An overview of Femi Adelegan’s book indicates that Africa really has no real reason to be poor, had there been conscientious efforts, dedication and commitment on the part of Africans to build the continent as progressive societies and to implement several initiatives capable of turning the situation around and confronting serious challenges attributable to a poor governance culture. The author has demonstrated, in this book, his acquisition of a rich blend of knowledge and maturity, having served in various positions in different governments in Nigeria. The ease with which Femi has tackled various issues raised in this compilation has also been aided by his very broad horizon and exposure during his public service outing spanning over three decades.

From the opening chapter, the author discusses the influence of “Power”, within the context of politics, physical and even spiritual, and goes further to describe power as a “potent force” that drives the society. In Chapters Two and Three, he discusses the instruments of power and how to balance power in an increasingly interdependent world; which, in his view, “constructing structures and policies that could serve as effective checks and balances, while also promoting factors that could minimize to the barest minimum, problems associated with inequalities, injustice and abuse of power.” Chapters Four and Five treat the vexed issues of the exploitation of Africa, Pan-Africanism and different ideologies embraced by the continent’s first generation of post-independence political leaders, as well as their effects on the political development of the continent.

For Africa, the road to freedom and unity has been rather long and tortuous as it has been negatively impacted by slavery and slave trade, and several destructive, senseless and avoidable wars and conflicts, compounded by scourges of poverty and disease. These regrettable developments resonate in the next two chapters that treat exhaustively the sub-themes: “The Problems of Africa and Military Intervention” and “Armed Conflicts in Africa”. He alludes to my statement at a United Nations Forum that “If you address the root causes of conflict, and if you accept that conflict and wars retard development – in no continent is this more true than in Africa, because one of the main reasons Africa is behind the rest of the world is precisely because it has the largest number of conflicts. People are not going to invest in countries of conflict, and without investment, both domestic and foreign, as they are not going to have production; they are not going to have employment, and it’s a vicious circle.”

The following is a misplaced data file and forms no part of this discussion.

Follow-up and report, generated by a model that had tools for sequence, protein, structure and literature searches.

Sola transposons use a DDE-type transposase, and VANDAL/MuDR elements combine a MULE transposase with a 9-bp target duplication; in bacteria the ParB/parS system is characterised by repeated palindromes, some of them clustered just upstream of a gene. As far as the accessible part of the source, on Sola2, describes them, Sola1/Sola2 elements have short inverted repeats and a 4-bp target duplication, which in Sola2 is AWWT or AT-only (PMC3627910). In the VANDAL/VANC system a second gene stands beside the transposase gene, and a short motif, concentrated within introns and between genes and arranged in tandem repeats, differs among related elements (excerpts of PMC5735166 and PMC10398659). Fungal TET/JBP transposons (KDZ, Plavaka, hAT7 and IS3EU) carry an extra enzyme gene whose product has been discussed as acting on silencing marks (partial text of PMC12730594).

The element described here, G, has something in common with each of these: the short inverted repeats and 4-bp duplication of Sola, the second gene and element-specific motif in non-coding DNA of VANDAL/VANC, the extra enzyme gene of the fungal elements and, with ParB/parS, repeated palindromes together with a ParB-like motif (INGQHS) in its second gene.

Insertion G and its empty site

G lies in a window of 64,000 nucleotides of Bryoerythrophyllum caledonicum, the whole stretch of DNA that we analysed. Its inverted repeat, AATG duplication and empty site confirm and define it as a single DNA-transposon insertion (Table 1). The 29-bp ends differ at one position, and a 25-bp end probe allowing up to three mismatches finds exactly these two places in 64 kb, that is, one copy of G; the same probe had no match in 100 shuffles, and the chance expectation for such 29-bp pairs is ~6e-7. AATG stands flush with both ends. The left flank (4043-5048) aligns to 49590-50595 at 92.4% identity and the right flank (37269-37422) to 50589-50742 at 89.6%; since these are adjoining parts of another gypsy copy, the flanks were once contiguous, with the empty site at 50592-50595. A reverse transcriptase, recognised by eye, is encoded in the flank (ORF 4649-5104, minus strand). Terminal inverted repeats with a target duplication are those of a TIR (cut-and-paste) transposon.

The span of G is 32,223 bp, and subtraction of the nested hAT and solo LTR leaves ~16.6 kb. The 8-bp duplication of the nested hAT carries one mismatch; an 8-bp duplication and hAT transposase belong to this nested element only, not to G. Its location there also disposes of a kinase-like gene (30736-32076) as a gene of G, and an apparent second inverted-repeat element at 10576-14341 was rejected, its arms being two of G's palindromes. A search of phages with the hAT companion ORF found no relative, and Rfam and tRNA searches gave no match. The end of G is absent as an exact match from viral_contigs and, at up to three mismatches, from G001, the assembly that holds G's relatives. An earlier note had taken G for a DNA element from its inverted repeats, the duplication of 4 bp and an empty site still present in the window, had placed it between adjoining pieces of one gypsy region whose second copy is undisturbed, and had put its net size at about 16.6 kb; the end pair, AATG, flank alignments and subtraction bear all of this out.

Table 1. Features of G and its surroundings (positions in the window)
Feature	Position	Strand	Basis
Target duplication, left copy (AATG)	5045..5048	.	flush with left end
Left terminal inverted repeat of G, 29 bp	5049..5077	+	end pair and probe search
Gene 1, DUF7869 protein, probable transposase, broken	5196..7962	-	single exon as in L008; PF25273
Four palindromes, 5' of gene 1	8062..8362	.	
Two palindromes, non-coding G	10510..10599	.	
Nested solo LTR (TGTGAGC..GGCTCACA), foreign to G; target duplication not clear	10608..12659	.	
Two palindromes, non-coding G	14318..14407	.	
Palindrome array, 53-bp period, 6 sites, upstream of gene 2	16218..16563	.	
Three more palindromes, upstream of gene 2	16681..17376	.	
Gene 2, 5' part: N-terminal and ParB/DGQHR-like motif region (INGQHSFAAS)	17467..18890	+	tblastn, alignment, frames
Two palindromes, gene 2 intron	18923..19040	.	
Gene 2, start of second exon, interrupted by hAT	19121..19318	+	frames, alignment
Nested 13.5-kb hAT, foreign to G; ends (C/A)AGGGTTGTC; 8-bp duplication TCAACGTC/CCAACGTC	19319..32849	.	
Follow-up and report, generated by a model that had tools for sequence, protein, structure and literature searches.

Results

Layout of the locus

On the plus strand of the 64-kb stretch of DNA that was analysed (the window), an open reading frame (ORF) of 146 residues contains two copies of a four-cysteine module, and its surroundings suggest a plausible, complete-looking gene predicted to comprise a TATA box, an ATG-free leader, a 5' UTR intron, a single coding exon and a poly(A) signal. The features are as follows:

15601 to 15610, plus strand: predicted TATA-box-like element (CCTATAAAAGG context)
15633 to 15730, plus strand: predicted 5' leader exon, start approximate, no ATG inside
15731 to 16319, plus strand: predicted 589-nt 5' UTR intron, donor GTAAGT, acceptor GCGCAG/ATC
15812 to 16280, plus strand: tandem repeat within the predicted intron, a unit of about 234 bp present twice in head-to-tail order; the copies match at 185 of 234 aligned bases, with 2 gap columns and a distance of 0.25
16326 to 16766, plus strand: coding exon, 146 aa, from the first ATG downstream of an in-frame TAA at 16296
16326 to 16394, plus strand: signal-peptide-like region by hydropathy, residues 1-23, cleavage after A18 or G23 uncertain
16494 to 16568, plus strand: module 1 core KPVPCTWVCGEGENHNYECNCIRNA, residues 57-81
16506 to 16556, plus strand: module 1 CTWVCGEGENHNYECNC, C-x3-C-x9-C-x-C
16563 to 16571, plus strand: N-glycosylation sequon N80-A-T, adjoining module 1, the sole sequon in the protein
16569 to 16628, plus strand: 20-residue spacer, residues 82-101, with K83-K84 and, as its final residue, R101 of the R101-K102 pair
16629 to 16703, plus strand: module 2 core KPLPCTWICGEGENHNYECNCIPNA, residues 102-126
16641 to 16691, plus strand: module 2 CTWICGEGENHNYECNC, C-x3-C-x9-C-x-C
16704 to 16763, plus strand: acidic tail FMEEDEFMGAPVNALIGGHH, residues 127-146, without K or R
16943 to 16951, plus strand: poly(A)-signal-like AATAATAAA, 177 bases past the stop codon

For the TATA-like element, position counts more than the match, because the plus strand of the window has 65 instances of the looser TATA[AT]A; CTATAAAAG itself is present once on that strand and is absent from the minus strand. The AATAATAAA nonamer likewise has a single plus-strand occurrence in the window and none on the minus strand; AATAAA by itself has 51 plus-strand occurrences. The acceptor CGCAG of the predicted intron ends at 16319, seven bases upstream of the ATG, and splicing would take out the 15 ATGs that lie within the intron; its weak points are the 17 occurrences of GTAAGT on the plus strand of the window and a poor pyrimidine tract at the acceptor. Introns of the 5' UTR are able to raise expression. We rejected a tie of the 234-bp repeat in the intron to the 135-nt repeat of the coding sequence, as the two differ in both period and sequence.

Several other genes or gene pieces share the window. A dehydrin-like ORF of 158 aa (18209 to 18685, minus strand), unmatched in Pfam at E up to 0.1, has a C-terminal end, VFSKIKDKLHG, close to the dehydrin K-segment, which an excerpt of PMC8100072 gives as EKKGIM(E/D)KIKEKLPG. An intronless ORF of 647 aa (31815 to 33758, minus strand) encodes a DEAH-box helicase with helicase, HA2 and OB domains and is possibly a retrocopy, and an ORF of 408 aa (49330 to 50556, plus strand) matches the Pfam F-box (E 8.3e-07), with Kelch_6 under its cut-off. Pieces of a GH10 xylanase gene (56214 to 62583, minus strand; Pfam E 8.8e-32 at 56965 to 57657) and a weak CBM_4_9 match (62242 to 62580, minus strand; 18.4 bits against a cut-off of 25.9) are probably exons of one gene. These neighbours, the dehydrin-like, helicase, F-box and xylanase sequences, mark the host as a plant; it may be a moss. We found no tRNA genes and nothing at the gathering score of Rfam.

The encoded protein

Femi Adelegan also identifies one key factor that would very much determine the future of Africa, which is the trend of violent crimes and armed conflicts on the continent; and are exacerbated by the proliferation of small arms and light weapons in the region. Chapters eight, nine, ten and eleven deal basically with the issue of development, globalization and the leadership question. It is obvious that Africa’s leadership must be prepared to adjust and adapt in order to effect the necessary structural adjustments in the global economic and political arena, muster all the resources available, and strategize for the evolution of a more prosperous polity. Femi Adelegan invites attention to President Barack Obama’s public speech during his year 2009 visit to Ghana, in which he asserted that “Africa’s future is up to Africans’, and that “Development depends on good governance; and that is the ingredient that has been missing for too long in Africa. “And that is the responsibility that can be met in Africa only by Africans.”

The author notes, and correctly too, that to develop on a sustainable basis and maximally, Africans must be mobilized in the pursuit of good governance, and the proper utilization of the continent’s several human and natural resources, particularly agriculture. He notes that the continent has, in the last one decade experienced exponential economic growth that gives hope for its transformation, turning the focus of the world to the potentials of the 54 nations that comprise Africa. As a continent with a collective GDP of about US$2 trillion, Africa holds about 14 percent of the world’s population, and more than 60 percent of uncultivated arable land. Regrettably, less than 10 percent of arable land in Africa is being utilized for farming, thus leaving huge cultivable arable lands on the vast continent uncultivated. Additionally, the imperative of good governance and the evolution of a viable political culture in Africa are treated perceptively in this publication. The author highlights such important requirements as the need to re-awaken political leaders on the importance of good governance to societal development, encourage efforts towards the re-evaluation and proper utilization of the economic fortunes of Africa and the Black race, and also stimulate actions towards the reduction of the digital divide that impacts the black race through the proper implementation of the globalization agenda. It is to be noted, however, as I have pointed out in one of my papers, that the perpetrators of vices such as poor governance, corruption, impunity, and lack of transparency would not easily give up the privileges accruing to their practices.